[cnn-photo-caption image= caption= "John Avlon writes that Obamanomics is starting to look pretty good these days."]

By John Avlon
Special to CNN

Despite all the recent screaming about socialism, Barack Obama’s past month and a half has quietly been pretty good for capitalists.

Yesterday, the stock market picked up more than 200 points, capping weeks of rallies that have erased almost all of 2009’s losses to date. The market hit its low on Obama’s 50th day in office – March 9th – but since that early crisis of confidence, the Obama administration’s economic plans have started to solidify and begun to take hold. Perhaps the most important measure is polls that show the American people feel our country is moving in the right direction again.

The acid test of yesterday’s rally was the fact that it continued after President Obama announced plans to close corporate tax loopholes and offshore tax-havens. If the market was feeling myopic there might been an immediate negative impact – some Wall Street commentators still reflexively tried to paint it as anti-big business class warfare. But it was accompanied by a plan to make the research and development tax credit a permanent tax cut, incentivizing long-term economic competitiveness. And the plan was carefully framed with Main Street common sense (despite the odd intro of Treasury Secretary Geithner, castigating individuals who don’t pay all their taxes): “I want to see our companies remain the most competitive in the world,” said the president. “But the way to make sure that happens is not to reward our companies for moving jobs off our shores.”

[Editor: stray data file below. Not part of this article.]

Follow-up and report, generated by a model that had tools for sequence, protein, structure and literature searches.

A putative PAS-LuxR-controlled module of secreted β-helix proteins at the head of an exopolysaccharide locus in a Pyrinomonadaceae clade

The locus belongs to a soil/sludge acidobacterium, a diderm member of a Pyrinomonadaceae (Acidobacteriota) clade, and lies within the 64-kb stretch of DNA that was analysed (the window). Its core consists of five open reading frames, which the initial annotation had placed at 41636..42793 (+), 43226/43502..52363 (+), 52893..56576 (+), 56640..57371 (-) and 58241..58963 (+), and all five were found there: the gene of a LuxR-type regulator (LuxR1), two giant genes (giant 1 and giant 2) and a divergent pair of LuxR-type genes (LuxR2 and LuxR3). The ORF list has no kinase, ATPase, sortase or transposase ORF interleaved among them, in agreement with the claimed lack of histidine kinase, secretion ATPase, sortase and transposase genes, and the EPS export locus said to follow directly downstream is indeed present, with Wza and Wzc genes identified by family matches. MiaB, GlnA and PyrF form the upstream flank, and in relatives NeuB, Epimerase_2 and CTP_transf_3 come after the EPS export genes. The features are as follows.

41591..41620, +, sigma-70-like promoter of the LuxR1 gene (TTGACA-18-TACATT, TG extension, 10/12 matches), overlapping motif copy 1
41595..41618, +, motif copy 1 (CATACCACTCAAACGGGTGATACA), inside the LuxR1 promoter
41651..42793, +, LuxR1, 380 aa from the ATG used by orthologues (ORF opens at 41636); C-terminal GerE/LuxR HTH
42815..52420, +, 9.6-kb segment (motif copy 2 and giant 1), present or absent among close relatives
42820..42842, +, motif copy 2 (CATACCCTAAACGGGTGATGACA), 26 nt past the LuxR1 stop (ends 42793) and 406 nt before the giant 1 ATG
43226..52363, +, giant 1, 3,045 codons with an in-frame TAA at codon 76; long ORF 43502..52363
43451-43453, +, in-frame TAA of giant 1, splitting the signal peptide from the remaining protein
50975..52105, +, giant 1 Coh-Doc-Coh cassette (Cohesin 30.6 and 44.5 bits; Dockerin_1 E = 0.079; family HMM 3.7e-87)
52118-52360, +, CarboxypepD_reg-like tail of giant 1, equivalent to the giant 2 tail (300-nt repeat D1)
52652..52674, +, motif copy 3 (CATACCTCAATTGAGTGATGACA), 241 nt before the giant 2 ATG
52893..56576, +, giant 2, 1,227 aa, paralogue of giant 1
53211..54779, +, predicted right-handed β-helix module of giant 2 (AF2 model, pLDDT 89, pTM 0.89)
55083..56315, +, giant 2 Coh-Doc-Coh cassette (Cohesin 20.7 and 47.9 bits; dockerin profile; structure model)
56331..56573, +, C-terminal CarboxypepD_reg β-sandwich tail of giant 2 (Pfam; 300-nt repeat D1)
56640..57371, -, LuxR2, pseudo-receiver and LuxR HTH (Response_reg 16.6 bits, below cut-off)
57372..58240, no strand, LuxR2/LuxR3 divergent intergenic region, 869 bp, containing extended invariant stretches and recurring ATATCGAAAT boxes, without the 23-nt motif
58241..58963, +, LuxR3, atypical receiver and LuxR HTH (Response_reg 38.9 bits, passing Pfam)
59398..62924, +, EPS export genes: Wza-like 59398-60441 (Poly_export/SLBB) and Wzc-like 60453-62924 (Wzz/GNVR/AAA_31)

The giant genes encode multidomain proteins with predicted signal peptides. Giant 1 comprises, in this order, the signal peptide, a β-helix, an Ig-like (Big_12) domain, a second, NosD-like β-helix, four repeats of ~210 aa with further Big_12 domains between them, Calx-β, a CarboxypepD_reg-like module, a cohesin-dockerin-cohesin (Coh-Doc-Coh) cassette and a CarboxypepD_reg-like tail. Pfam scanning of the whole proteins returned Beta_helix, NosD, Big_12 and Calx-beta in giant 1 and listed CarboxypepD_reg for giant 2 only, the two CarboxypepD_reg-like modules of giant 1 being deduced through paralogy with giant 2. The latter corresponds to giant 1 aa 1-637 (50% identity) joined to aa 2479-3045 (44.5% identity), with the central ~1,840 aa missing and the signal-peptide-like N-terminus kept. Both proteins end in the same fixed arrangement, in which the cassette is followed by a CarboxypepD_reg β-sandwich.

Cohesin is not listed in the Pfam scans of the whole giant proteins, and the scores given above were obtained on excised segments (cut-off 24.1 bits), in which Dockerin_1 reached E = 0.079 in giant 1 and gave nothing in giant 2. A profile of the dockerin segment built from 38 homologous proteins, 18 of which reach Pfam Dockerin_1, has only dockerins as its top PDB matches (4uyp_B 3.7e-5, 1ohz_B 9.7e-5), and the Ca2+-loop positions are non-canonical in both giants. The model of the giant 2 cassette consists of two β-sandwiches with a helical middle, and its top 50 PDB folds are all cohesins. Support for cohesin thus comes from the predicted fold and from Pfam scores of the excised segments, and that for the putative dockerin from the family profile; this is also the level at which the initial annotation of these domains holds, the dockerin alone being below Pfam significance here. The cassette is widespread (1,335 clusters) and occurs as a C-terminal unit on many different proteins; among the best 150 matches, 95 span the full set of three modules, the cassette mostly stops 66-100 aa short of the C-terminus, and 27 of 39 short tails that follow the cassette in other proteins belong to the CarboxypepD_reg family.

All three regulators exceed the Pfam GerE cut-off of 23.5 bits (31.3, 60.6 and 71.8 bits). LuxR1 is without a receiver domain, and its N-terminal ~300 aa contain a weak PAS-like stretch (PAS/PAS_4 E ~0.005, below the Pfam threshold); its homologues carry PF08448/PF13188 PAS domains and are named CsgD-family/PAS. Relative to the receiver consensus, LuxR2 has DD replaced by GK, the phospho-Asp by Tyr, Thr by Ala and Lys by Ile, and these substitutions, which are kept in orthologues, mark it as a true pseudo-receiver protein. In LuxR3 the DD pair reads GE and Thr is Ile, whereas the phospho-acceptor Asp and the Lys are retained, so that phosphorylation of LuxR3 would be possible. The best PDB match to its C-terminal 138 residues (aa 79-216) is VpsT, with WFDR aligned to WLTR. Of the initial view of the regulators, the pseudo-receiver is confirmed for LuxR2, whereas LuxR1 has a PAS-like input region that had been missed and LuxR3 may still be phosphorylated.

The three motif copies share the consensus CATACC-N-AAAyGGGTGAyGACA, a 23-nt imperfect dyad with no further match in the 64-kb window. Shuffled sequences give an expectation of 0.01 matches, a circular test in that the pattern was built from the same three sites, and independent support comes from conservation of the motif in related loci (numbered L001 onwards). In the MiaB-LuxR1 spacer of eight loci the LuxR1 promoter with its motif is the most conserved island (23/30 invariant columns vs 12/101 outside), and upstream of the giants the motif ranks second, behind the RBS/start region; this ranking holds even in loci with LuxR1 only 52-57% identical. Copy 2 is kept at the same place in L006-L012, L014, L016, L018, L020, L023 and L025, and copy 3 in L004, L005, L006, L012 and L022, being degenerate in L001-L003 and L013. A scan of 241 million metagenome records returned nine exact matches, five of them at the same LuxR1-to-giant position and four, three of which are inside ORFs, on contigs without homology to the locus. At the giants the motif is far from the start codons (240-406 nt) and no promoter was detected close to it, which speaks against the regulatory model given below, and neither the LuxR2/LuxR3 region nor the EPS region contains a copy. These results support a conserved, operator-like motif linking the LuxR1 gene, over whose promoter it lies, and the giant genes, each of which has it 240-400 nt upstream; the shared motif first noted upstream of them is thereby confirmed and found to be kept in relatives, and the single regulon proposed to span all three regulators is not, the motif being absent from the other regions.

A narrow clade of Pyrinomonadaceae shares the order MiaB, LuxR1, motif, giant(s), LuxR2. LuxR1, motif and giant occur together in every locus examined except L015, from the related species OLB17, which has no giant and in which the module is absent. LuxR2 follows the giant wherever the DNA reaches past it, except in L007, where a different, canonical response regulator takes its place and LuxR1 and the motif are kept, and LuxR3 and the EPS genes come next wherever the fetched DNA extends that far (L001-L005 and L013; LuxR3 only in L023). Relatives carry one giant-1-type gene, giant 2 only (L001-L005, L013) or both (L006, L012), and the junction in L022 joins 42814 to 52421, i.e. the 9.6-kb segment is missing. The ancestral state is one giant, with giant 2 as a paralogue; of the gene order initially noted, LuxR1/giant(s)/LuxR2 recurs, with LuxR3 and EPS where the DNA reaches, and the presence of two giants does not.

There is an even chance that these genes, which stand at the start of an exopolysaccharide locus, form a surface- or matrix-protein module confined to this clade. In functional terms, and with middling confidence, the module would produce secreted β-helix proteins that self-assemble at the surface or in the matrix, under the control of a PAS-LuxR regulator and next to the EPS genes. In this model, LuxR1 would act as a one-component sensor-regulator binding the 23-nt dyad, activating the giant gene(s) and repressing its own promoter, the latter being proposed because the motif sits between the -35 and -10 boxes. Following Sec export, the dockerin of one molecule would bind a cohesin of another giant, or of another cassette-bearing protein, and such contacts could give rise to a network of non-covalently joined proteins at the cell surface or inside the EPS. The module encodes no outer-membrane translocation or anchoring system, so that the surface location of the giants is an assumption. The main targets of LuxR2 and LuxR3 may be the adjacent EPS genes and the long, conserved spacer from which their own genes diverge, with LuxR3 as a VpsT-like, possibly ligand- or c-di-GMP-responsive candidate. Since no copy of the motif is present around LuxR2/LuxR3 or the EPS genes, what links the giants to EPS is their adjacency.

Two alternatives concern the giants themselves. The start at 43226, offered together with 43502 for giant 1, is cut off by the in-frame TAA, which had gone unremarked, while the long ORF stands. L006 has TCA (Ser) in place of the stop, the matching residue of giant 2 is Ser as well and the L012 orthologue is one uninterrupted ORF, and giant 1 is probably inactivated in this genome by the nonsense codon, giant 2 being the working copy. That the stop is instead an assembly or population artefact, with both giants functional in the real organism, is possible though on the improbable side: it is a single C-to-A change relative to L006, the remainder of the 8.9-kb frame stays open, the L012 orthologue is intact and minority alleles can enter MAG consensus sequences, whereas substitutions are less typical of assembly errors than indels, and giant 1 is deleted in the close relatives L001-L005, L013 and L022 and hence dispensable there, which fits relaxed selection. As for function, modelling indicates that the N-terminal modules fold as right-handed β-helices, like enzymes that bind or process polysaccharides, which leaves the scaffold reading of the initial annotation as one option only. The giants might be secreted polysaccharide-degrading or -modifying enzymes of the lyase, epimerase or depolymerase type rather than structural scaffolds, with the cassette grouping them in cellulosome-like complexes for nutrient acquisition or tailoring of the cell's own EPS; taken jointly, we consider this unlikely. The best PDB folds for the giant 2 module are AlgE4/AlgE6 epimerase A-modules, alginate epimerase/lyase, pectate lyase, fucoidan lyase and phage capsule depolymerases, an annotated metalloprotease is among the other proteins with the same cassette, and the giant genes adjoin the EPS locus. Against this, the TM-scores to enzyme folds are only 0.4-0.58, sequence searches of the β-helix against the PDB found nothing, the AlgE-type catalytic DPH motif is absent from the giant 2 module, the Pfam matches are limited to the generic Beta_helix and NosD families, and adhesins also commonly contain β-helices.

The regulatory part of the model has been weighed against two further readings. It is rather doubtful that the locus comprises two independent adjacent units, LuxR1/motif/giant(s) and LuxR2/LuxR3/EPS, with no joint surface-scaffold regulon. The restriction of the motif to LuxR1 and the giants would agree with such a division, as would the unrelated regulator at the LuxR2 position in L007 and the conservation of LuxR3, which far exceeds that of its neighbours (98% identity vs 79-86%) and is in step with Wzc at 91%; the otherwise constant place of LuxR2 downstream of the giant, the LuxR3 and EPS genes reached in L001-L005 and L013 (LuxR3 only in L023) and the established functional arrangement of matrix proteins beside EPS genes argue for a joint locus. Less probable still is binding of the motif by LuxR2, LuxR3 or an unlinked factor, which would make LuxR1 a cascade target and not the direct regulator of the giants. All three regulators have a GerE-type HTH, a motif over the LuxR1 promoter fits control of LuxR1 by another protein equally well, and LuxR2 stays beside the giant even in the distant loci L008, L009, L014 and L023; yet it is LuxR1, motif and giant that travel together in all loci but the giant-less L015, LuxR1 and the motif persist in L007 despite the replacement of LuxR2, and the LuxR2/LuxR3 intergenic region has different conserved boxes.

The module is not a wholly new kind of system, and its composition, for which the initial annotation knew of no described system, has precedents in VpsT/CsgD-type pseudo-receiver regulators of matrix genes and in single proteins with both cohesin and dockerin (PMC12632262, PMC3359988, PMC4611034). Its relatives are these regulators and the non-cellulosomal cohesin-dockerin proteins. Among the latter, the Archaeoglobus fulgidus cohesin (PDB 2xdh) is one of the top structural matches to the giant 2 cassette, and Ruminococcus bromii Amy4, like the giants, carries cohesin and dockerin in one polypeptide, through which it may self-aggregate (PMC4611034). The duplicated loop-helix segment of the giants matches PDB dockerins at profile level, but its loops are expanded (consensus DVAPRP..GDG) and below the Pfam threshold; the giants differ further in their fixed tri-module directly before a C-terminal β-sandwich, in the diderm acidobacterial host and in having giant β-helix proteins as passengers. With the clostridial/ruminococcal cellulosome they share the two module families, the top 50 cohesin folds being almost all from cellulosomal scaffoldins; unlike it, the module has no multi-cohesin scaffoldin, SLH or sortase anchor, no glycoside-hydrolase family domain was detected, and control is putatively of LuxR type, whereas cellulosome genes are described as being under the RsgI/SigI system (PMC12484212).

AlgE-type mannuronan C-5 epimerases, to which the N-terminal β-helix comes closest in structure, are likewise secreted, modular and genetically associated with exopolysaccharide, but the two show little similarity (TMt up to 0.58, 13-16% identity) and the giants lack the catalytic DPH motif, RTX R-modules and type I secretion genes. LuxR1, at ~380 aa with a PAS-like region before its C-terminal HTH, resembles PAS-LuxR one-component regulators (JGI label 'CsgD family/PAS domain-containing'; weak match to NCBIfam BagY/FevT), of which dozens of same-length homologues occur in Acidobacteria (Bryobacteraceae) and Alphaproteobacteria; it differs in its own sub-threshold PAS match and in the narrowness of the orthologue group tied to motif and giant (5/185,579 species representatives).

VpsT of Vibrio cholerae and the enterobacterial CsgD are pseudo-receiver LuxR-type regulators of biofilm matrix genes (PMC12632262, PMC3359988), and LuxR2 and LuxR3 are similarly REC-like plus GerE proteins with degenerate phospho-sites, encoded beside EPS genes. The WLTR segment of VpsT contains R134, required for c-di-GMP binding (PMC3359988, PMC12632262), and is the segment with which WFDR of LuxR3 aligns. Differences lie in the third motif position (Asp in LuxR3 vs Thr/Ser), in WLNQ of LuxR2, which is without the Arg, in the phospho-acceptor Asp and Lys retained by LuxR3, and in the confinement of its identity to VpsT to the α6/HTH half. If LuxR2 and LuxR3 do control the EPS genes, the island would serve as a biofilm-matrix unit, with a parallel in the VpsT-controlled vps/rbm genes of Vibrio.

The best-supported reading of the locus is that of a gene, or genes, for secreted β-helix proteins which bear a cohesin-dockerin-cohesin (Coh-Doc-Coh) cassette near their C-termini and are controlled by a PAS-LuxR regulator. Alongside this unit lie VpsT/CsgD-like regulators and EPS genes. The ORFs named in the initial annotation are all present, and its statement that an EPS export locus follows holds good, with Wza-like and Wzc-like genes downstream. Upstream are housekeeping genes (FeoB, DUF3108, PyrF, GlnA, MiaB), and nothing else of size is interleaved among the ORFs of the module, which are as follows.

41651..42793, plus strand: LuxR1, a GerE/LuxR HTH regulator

A bit of springtime optimism may be influencing this market rally. The absence of deepening crisis may be mistaken for good news. There will likely be additional bumps on the road to recovery – this week’s bank stress test might be one such bump. Some economists will argue that these closed loopholes should be accompanied by a reduction in the U.S. corporate tax rate, which is the second highest in the world. The long-term economic impact of the unprecedented stimulus spending still remains to be seen. Our deficit and debt have ballooned and, if unaddressed, represent a new degree of generational irresponsibility. Remember, reckless spending got us into this mess in the first place.

But if President Obama was blamed by some partisans for the market’s decline in his first 50 days, then its only fair that he receive some credit for the rebound now. We’re not out of the woods – there’s plenty of anger left for both big government and big business – but at least compared to Bushonomics, Obamanomics is starting to look pretty good these days. And that’s good news for everyone who’s invested in America’s success.